For 35 years, the Mon Fayette Expressway has been part of the landscape leading into the Mon Valley. As funding became available, sections of the Mon/Fayette Expressway were completed creating the current 54 miles of expressway from I-68 near Morgantown, West Virginia, to Jefferson Hills Borough in Allegheny County.
With the passing of Act 89 in 2013, a funding stream was made available to move ahead with the next section of the Mon/Fayette Expressway.
"As a native of the Mon Valley, I'm excited to see the final leg of this project moving forward," said Pennsylvania Lt. Gov. Austin Davis. "This construction will support thousands of jobs right here in southwestern Pennsylvania."
To get started, the PTC created two phases of this project, south and north of the Monongahela River. The first phase, the southern section, will extend eight miles from PA Route 51 in Jefferson Hills Borough to PA Route 837 in Duquesne, Allegheny County.
“This southern phase alone is so massive that it needed to be divided into seven construction sections at an estimated cost of $1.3 billion,” said PA Turnpike Chair and Pennsylvania Department of Transportation (PennDOT) Secretary Mike Carroll. “But construction creates opportunity, and we expect that it will generate nearly $2.8 billion for the economy across the Mon Valley.”
The first construction section was awarded to Trumbull Corporation, whose field office is in Jefferson Hills Borough. Their crews have begun working on clearing trees and moving dirt, getting ready to build the three-mile section of expressway from PA Route 51 to Coal Valley Road.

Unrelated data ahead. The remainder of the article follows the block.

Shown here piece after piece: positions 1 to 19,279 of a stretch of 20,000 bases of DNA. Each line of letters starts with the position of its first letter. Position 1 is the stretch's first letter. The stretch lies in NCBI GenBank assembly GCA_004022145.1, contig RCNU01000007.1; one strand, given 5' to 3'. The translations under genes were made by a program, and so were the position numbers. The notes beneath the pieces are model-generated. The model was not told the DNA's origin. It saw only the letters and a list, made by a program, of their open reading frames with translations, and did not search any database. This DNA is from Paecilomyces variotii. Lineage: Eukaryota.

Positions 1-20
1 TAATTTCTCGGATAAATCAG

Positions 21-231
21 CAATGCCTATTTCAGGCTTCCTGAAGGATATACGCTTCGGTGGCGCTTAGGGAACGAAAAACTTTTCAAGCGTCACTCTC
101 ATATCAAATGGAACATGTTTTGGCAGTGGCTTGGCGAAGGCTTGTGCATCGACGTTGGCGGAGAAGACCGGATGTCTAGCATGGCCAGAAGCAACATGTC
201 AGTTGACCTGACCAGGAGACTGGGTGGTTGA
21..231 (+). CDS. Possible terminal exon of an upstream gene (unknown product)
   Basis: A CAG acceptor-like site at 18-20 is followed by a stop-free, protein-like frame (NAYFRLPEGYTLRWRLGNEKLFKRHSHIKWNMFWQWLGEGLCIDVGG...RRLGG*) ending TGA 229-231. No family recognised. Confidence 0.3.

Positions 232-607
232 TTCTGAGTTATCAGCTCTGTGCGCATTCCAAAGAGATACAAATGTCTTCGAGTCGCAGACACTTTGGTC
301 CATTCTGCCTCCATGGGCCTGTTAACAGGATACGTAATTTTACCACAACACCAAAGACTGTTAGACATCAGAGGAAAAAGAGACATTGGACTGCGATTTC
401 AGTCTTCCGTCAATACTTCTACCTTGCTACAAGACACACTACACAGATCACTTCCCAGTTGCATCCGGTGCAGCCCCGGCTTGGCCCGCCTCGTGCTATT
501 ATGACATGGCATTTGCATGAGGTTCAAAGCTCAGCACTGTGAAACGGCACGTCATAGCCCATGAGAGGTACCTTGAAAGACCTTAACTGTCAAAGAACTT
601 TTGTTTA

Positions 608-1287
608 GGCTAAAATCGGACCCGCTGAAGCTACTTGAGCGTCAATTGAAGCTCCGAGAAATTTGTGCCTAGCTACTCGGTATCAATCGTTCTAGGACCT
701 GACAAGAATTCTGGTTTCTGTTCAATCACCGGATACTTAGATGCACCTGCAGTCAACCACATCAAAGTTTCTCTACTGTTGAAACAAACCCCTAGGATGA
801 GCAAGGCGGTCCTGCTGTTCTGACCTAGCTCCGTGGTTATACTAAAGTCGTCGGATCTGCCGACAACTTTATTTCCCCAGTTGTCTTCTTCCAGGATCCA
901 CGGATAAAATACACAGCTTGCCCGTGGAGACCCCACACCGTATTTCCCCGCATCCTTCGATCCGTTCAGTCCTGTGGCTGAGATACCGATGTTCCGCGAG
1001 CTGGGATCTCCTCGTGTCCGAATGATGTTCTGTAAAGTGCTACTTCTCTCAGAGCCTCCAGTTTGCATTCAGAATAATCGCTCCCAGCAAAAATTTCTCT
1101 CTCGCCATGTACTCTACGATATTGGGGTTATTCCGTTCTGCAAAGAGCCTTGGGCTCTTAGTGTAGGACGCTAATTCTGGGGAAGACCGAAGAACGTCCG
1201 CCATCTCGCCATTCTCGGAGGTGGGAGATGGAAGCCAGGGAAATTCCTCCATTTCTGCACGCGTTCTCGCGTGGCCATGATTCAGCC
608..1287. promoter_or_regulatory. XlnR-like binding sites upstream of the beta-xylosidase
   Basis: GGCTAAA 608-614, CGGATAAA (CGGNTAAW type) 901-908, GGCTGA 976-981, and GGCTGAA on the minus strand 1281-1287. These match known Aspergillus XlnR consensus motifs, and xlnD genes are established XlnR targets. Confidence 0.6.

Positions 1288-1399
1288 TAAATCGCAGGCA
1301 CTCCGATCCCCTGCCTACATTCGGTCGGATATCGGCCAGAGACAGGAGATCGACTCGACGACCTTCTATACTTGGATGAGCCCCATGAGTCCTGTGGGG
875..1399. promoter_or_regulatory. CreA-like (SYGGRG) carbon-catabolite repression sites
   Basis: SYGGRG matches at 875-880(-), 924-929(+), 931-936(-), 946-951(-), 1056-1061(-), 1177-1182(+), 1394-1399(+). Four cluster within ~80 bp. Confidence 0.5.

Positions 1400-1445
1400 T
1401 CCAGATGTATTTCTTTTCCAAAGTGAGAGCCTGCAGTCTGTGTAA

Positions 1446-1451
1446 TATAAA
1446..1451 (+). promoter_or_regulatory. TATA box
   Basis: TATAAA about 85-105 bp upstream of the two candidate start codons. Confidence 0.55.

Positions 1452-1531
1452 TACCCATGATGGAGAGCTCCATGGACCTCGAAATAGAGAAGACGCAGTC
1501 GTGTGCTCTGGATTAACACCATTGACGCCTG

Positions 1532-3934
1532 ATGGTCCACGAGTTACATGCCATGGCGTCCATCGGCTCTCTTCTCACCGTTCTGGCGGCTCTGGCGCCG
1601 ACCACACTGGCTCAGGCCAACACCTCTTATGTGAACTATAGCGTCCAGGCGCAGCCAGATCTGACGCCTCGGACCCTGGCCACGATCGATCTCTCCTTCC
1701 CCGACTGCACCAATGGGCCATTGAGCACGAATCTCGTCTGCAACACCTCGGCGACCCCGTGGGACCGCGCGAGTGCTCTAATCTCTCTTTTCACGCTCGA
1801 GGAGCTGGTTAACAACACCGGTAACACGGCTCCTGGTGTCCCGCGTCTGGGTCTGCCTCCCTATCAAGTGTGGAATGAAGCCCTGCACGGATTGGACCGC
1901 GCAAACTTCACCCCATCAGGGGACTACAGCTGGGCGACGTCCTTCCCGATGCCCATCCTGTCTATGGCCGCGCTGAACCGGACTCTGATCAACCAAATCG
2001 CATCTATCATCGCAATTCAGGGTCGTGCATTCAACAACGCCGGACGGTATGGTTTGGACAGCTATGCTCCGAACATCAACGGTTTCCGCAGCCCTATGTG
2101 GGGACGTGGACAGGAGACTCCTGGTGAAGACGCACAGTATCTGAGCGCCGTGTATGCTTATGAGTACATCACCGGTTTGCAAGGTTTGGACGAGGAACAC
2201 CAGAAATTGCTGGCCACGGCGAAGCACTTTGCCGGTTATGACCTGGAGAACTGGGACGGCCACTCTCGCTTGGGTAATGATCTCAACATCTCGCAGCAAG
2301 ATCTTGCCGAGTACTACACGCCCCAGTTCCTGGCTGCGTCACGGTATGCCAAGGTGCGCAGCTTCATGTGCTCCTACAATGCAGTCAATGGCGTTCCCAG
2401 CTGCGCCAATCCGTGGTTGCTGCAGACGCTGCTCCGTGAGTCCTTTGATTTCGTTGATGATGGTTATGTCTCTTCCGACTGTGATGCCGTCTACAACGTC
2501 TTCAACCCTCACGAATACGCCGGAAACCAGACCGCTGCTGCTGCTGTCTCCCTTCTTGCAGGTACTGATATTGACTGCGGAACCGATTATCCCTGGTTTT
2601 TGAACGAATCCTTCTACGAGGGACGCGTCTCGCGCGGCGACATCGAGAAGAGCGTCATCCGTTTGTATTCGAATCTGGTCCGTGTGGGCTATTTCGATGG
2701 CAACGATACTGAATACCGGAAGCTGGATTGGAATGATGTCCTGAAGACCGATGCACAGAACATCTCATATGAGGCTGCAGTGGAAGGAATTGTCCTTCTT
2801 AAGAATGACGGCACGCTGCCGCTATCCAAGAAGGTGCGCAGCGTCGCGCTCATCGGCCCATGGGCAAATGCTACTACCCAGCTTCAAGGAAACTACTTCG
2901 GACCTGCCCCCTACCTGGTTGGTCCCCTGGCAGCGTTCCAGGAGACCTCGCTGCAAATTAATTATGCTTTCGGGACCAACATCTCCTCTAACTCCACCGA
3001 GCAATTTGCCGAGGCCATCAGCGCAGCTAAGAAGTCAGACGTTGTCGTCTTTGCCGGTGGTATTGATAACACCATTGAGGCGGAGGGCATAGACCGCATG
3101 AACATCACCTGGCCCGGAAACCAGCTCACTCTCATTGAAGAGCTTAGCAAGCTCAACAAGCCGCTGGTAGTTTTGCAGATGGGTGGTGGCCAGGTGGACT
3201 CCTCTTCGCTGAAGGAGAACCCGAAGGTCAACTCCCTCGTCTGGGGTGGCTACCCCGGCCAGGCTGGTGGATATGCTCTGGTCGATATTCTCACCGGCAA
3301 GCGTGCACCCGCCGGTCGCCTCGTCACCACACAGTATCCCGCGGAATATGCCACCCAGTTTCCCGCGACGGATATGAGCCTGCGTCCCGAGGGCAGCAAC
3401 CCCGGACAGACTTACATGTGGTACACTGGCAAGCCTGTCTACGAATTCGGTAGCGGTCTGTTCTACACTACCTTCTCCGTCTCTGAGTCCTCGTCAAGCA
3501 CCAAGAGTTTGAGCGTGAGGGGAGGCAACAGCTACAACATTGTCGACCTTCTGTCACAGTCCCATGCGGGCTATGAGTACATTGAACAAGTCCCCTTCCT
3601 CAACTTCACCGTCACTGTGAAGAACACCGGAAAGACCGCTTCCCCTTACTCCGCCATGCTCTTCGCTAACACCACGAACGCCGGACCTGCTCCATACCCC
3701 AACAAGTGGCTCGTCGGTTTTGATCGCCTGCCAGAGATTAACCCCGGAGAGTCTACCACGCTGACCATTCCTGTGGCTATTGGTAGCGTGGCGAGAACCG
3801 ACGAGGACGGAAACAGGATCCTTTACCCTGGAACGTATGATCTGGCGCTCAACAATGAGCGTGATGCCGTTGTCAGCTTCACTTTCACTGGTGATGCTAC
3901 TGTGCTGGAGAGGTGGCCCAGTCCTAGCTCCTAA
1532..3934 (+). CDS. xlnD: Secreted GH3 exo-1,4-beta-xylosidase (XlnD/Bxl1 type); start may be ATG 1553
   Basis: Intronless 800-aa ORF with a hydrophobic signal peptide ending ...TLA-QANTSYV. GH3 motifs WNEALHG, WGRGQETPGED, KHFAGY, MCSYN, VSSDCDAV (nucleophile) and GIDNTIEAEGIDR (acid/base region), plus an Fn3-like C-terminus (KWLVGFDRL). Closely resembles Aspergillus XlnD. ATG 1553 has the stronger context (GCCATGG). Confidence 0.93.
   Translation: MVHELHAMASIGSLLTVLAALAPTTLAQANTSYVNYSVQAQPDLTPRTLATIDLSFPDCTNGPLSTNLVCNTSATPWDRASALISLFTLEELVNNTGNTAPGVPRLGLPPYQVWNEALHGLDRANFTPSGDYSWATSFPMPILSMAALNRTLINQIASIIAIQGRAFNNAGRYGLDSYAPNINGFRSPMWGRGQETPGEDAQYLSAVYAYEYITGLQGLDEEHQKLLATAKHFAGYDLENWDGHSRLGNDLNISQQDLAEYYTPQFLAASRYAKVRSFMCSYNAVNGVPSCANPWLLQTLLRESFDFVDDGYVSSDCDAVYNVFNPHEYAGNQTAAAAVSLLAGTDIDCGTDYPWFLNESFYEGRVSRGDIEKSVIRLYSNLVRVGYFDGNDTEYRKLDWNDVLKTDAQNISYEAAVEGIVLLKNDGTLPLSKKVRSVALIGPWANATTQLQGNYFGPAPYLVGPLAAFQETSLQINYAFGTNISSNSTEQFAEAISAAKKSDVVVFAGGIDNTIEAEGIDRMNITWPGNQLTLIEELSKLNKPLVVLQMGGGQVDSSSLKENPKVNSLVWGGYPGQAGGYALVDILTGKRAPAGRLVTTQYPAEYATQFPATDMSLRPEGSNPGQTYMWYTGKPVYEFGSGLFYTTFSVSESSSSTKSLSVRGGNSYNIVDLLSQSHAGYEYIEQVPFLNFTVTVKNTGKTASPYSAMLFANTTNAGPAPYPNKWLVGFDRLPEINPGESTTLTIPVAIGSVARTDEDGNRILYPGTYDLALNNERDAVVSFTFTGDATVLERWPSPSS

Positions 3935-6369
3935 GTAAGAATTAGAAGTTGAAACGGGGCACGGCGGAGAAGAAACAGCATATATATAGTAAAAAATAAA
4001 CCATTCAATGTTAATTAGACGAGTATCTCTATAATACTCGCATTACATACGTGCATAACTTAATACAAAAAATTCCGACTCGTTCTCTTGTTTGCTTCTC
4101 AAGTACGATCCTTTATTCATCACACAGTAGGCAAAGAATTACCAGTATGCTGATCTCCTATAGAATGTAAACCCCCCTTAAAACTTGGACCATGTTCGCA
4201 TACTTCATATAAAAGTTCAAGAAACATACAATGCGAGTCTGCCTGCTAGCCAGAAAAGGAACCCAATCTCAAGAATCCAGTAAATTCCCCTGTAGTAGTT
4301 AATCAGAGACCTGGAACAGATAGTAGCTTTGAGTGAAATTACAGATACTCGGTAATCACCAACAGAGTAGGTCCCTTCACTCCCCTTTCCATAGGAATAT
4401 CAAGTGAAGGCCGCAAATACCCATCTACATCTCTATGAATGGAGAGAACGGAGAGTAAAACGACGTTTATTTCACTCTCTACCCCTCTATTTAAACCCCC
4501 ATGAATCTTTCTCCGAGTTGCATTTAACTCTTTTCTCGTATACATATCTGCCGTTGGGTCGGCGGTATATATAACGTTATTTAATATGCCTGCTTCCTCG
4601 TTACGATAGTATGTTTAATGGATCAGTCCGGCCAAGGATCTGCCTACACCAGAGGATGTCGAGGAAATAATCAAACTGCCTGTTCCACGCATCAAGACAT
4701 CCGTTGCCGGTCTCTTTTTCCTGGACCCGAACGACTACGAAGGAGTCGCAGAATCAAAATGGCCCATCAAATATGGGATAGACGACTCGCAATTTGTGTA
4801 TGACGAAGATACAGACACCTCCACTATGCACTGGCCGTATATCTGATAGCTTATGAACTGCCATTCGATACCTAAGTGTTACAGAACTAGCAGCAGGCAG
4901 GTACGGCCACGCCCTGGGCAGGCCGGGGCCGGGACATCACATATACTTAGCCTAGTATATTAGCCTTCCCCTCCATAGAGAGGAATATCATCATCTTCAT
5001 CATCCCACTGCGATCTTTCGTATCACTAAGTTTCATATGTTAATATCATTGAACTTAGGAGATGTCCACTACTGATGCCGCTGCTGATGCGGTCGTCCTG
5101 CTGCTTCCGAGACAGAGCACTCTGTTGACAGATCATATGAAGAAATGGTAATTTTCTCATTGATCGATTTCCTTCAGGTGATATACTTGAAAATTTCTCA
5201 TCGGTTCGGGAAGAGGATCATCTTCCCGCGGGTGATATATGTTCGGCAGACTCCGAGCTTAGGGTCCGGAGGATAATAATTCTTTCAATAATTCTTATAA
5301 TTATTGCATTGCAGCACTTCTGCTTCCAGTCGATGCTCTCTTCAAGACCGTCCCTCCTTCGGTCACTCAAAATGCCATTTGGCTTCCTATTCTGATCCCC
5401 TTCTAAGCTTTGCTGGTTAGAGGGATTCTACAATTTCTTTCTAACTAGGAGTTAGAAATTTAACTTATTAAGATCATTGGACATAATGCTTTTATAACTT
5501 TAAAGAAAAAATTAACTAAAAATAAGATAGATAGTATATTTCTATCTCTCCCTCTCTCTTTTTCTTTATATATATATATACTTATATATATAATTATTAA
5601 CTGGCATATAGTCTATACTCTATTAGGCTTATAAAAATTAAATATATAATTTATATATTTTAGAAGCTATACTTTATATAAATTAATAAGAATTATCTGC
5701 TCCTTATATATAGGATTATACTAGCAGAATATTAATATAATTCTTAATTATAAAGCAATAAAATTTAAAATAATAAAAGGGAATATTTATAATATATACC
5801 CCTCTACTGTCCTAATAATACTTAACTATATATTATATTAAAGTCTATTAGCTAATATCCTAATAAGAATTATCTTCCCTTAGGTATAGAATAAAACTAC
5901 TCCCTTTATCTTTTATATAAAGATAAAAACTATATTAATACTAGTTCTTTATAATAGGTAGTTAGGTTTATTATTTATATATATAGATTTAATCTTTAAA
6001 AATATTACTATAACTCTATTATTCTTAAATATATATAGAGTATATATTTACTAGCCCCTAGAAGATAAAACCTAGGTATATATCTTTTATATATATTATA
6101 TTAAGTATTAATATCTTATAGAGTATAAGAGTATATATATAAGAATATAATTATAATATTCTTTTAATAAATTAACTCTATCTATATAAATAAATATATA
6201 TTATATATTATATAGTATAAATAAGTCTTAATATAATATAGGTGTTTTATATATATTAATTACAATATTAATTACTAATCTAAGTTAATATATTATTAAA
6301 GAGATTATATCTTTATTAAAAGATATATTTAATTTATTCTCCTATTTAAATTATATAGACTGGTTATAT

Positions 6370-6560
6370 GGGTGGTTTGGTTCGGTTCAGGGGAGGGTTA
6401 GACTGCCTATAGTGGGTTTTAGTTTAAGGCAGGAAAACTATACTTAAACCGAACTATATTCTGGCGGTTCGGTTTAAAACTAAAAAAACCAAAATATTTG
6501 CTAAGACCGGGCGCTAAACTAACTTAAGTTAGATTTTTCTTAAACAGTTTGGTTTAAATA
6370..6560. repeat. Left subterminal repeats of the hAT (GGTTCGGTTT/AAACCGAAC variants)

The nearly $214 million contract will require Trumbull to excavate more than four million cubic yards of earth and build six bridges. Five of the bridges will be built as part of the mainline of the Mon/Fayette Expressway while the sixth will carry PA Route 885 over the expressway. A cashless toll point will also be built within this section.
“Beyond the obvious benefits of creating a safe, reliable and open roadway for easy travel, this project and others like it also create an opportunity for development in the area,” said Sen. James Brewster. “Just look at how the opening of the Southern Beltway has spurred commercial and industrial development in the airport corridor with the recent announcement of the Fort Cherry Development District. Once the Mon/Fayette Expressway is finished, it will do the same for the Mon Valley.”
The PA Turnpike was assigned responsibility to develop the Mon/Fayette Expressway — along with several other southwestern Pennsylvania toll roads — by an act of the state legislature in the mid-1980s.
“Act 61 of 1985 called upon the PTC to develop several significant transportation projects, the largest of which are the Southern Beltway and the Mon/Fayette Expressway,” said PA Turnpike Secretary-Treasurer Sean Logan. “Though construction was partially funded with the help of state tax dollars, the resulting miles of new highway are being operated and maintained by the PTC today without taxes.”
Logan said that Act 26 of 1991 elevated the priority of building the Southern Beltway and Mon/Fayette Expressway to improve highway access and mobility in the region. With the passage of Act 89 in 2013, a new funding stream was created to accelerate these projects.
The next Mon/Fayette construction contract is expected to go out for bid later this year. When construction of both the southern and northern sections of the PA Route 51 to I-376 Project is complete, the Mon/Fayette Expressway will allow traffic to travel 68 miles from Morgantown to Monroeville.